AUSCHWITZ: Elderly Holocaust survivors will gather in Auschwitz on Monday, some for the last time, to mark 75 years since Soviet troops liberated the death camp where Nazi Germany killed more than 1.1 million people, most of them Jews.
Bitter political feuds loom over the memorial ceremony at the site of the former camp in Oswiecim, southern Poland, that will be attended by royals, presidents and prime ministers from nearly 60 countries, but no top world leaders.
Israel held a high-profile Holocaust forum marking the liberation anniversary in Jerusalem on Thursday, seen as rivalling the event in Poland.
While senior figures such as US Vice President Mike Pence, French President Emmanuel Macron and Russian President Vladimir Putin were in Jerusalem, none will come to Auschwitz.
Last month, Putin sparked outrage in the West after making the false claim that Poland had colluded with Nazi German dictator Adolf Hitler and contributed to the outbreak of World War II.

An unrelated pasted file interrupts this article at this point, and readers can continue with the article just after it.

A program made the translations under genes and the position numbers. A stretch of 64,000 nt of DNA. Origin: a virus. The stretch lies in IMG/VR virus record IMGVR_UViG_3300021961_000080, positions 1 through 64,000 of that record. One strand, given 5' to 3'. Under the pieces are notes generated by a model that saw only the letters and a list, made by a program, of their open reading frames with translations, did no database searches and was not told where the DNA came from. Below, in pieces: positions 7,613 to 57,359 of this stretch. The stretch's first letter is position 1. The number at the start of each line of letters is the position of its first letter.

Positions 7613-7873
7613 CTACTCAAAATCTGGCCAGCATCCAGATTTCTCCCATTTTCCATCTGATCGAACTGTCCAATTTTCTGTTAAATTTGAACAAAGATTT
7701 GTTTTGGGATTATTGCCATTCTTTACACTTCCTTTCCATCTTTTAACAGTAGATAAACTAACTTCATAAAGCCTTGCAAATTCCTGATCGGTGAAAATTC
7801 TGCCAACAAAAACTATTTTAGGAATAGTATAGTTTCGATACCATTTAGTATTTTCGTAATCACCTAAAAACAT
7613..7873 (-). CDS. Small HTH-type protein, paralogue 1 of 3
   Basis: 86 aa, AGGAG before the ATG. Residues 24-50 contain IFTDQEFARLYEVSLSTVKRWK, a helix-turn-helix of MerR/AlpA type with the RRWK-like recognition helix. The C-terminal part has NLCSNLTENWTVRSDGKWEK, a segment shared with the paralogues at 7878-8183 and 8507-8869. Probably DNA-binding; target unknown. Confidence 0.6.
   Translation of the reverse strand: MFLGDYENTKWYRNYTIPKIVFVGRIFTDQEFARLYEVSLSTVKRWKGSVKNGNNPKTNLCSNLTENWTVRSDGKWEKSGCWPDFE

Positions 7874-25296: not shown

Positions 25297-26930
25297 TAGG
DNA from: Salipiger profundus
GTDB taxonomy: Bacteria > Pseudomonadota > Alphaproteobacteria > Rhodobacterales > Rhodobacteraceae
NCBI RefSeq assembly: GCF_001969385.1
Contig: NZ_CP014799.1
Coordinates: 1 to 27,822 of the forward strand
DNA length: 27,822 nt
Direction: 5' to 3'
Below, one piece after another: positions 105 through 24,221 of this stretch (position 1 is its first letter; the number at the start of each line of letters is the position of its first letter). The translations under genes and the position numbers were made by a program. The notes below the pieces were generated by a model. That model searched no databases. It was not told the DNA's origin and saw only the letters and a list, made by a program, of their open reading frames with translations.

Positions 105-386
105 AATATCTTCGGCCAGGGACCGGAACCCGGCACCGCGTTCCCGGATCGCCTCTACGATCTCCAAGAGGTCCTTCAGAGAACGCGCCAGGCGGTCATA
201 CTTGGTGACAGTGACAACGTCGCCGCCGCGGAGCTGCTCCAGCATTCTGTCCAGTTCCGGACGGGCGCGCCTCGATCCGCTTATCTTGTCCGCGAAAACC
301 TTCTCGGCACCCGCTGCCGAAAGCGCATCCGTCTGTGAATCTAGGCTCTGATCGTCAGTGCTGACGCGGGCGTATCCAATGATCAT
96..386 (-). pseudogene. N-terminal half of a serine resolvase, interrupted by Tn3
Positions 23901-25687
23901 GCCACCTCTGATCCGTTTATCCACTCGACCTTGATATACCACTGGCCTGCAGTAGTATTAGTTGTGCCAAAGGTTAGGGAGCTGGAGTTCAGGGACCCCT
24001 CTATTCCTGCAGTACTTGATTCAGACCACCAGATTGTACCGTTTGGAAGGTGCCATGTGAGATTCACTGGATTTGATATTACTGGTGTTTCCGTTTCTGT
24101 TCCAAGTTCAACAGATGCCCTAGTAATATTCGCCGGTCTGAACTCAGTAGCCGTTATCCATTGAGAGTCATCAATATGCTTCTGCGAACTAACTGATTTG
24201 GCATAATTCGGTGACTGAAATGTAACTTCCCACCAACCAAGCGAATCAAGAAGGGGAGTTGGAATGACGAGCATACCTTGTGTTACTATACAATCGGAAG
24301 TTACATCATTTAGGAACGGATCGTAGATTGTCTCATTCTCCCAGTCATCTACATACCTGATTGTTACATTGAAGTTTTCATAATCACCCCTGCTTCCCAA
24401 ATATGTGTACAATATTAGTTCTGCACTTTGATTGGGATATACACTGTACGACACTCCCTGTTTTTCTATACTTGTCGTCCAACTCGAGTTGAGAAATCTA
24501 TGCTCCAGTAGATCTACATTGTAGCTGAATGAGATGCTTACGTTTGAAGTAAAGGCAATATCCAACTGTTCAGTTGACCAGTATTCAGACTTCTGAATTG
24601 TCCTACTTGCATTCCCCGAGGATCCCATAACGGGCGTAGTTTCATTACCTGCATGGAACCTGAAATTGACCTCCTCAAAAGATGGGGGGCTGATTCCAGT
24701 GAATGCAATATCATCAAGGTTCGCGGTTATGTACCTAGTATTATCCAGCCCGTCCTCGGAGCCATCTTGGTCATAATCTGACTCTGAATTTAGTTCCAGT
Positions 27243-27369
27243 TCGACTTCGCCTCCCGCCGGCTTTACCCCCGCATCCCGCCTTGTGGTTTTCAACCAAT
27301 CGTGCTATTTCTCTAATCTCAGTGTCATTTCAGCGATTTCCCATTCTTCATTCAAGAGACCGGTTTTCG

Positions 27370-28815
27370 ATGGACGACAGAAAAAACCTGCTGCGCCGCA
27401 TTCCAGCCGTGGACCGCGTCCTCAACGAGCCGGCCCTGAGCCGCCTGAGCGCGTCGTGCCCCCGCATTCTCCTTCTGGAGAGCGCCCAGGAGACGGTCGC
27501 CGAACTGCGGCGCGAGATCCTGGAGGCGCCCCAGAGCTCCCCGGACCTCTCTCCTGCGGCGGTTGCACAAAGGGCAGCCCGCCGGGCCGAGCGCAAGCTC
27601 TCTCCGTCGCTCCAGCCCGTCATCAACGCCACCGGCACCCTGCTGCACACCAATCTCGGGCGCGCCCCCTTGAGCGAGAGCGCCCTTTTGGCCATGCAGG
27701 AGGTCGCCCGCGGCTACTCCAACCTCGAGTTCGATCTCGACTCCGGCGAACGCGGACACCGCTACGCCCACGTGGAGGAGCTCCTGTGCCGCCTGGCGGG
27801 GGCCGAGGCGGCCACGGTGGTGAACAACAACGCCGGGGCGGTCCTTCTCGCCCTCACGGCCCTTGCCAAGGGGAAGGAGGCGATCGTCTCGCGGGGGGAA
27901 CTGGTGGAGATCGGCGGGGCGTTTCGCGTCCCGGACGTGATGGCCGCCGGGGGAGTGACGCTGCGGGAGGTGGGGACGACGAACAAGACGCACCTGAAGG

In fact, the war erupted after Nazi Germany and the Soviet Union invaded and carved up Poland in September 1939 under a secret clause of their Molotov-Ribbentrop Pact.
Poland’s President Andrzej Duda, who has called out Putin for attempting to rewrite history, snubbed the forum in Jerusalem after he was denied the opportunity to speak there.
He will make an address on Monday in Auschwitz where survivors are to hold centre-stage at ceremonies honouring the six million European Jews killed in the Holocaust.